Earlier this year, EBN Online ran a good article on Managing the Variables in a Supply Chain Disaster that outlined the basic steps a global company can use to get started on planning for a disaster.
It’s obvious, with all of the recent natural disasters, political disasters, and economic disasters, that a supply chain natural disaster is coming your way. It’s just a question of what, when, and how it is going to impact your supply chain. That’s why you need to plan. So where do you start?
According to the author, start by getting all of the departments together — IT, operations, sales, warehousing, administration, and management — to help map out the entire upstream and downstream supply network and determine where the different risk points are and what risks are most likely to materialize. And, as Jim Lawton points out in this Industry Week article on Country Risk — What You’re Overlooking, you have to not only focus on your suppliers and the countries they are located in (whch contribute to the political, economic, and commercial risks that are faced by your organization), but your suppliers’ suppliers and the countries they are located in.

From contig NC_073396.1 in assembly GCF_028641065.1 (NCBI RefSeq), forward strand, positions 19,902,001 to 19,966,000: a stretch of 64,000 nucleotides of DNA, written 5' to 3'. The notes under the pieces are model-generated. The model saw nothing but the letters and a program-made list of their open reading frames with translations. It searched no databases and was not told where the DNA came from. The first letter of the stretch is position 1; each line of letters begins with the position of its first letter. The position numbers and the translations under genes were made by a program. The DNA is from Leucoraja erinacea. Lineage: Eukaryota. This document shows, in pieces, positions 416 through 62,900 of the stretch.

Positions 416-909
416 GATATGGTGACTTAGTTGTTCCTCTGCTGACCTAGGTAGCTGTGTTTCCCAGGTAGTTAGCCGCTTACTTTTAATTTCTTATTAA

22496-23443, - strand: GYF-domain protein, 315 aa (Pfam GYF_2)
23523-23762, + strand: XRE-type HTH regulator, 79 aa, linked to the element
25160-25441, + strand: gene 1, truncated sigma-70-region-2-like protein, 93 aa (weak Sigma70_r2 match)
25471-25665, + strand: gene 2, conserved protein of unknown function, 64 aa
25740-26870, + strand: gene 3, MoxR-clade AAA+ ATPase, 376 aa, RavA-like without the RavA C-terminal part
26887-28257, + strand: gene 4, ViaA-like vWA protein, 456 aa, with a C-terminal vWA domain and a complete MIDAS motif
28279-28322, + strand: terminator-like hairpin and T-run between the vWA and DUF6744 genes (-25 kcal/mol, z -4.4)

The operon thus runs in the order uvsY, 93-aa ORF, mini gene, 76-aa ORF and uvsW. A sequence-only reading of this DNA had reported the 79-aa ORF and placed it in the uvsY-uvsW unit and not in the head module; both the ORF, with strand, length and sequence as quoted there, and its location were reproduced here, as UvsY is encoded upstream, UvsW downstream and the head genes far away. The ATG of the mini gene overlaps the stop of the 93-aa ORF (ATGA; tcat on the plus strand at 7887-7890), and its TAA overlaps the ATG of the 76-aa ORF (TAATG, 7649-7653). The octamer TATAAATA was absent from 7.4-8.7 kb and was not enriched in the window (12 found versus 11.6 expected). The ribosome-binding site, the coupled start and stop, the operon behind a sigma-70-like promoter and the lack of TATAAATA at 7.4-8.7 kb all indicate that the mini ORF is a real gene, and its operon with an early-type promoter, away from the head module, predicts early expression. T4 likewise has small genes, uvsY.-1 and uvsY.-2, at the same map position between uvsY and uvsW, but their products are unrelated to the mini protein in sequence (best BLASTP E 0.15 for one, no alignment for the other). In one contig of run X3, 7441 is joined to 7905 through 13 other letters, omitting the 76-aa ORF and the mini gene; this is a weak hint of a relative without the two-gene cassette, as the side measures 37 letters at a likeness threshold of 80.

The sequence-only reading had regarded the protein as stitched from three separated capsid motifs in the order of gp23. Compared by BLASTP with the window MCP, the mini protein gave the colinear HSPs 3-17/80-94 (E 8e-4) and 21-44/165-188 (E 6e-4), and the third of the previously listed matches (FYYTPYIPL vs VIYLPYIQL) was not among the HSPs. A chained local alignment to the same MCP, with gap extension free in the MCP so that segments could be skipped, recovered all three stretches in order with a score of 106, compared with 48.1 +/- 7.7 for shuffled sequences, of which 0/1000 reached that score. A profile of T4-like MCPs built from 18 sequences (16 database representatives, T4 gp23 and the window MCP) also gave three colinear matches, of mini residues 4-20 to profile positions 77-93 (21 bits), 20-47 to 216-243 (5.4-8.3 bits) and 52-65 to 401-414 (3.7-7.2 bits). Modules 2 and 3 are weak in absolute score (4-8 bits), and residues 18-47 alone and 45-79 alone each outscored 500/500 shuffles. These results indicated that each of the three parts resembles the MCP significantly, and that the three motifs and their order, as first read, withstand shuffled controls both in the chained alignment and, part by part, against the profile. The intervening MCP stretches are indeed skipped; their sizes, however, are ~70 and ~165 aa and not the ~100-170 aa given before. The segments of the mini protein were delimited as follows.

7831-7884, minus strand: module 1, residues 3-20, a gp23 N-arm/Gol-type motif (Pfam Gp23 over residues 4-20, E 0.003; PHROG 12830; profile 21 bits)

Then run a variety of “what if” scenarios to see how the company could recover if supply is interrupted, a warehouse goes up in smoke, a supplier becomes unavailable, freight rates or tarriffs rise substantially, preferred raw materials or components get banned for regulatory reasons, or something else possible, but not predictable, happens. If there is no way to recover, something has to be done now before it’s too late for your suppy chain, and maybe your entire organization. For example, if all of the company’s supply for a certain component is from South Korea, and supply from South Korea gets cut off, there would be no recovery. The company either has to find a secondary source of supply from another country, or a way to use a slightly different component to accomplish the same task.
If a moderate increase in freight rates or tarriffs would prevent the company from being able to source a raw material at a price that would allow the company to turn a profit on the finished product, then the company has to identify alternate, cheaper, transportation methods, a way to further save on raw material costs, or a way to increase the value, and thus the selling price, on the finished product. If a raw material gets banned from usage in the product the organization plans on importing into Europe, then the organization has to have a way to produce the component using a different raw material, which could require a different design or manufacturing method, which could add cost as well.
The short of the story is that disaster planning is more than just identifying the upstream supply network and more than just identifying what could go wrong, but also identifying how a recovery could be initiated if necessary.